Consequently lot of my self study has involved just making flashcards containing various common pronunciations of the same damn word and trying to memorise them XD
Short story: that's the "day" part. 日 is normally pronounced ひ, but voiceless consonants (like 'h' and 'f' sounds) often turn into voiced ones ('b' or 'p') when they're preceded by other kanji.
Long story: this change is usually made for euphonic reasons, and sometimes due to historical changes in how words are written. The precise rules for when/why this occurs are pretty complicated (thanks to the latter), but as a guideline: always after 'n', often after 'chi'/'tsu', and sometimes after long vowels.
A good example is "x minutes". A minute is normally 分 （ふん）. Yet 一分 "one minute" is not いちふん, but いっぷん. "Two minutes" is simply にふん, but "three minutes" needs to change again to さんぶん. (similarly; 5, 7, and 9 use ふん, but 4, 6, 8, and 10 use ぷん)
Yeah, I understand that, but this is not a particle. That is usually written in kanji or all hiragana, because it is a full noun, whereas there is a different word that is written in hiragana. Mostly, Japanese people mix up sentences with kanji and kana, but words are usually written in one or the other (except for verbs, adjectives, and stuff like that, because they change).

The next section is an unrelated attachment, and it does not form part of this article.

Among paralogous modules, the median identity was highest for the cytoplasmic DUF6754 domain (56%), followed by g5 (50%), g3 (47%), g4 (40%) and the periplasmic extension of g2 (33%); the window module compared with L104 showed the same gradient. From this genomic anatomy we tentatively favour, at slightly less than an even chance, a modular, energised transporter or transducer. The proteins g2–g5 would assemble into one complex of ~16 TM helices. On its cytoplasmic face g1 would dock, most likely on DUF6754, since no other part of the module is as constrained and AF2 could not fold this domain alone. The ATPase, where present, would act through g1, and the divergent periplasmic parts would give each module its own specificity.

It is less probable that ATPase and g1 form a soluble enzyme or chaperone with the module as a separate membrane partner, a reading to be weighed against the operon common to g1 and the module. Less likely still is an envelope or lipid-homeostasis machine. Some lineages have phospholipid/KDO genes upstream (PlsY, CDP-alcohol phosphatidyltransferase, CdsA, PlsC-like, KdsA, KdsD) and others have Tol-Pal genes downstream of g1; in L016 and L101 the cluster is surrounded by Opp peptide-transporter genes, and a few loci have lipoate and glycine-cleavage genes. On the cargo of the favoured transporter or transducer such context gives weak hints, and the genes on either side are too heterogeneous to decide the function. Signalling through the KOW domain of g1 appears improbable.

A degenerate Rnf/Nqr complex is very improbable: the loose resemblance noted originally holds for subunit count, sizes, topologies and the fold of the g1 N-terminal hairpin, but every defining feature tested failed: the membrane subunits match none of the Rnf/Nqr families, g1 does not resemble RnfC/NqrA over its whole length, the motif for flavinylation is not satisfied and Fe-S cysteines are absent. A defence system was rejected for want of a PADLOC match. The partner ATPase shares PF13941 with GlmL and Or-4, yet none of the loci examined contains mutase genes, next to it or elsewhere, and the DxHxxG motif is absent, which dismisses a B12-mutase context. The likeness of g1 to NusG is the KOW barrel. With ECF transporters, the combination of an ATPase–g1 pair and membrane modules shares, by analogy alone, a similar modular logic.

Unfortunately, yes. Because Japan borrowed the characters from China and living languages are always evolving, the pronunciation of some of those kanji changed at different points in history. Rather than go along with this change, the Japanese simply added the new on'yomi as an extra option. Normally they're limited to one or two, but some can have three or four. It's fairly common for kanji to have multiple kun'yomi as well.
For example: 日 has two on'yomi: ニチ and ジツ, plus two kun'yomi: ひ and か.
NagisaShio1, The romanji is "nichi yoobi/youbi". If you go up towards the beginning of this discussion, "Jim373739" gave the hiragana for all 7 days. That might help you figure out the romanji. I used romanji in some Japanese classes a long time ago and at the time thought it was easier, since I had not learned the hiragana thoroughly. But now that I started over on dl with the hiragana, it took patience at first, but now I find it much easier to learn with and feel it prepared me to start learning a little kanji as it is presented in these lessons. I DO wish the advanced students who seem to use a lot of kanji would also add the hiragana in parentheses for those of us who do not know a lot of kanji yet. It would be SOOO helpful! Some of you do, and I greatly appreciate it.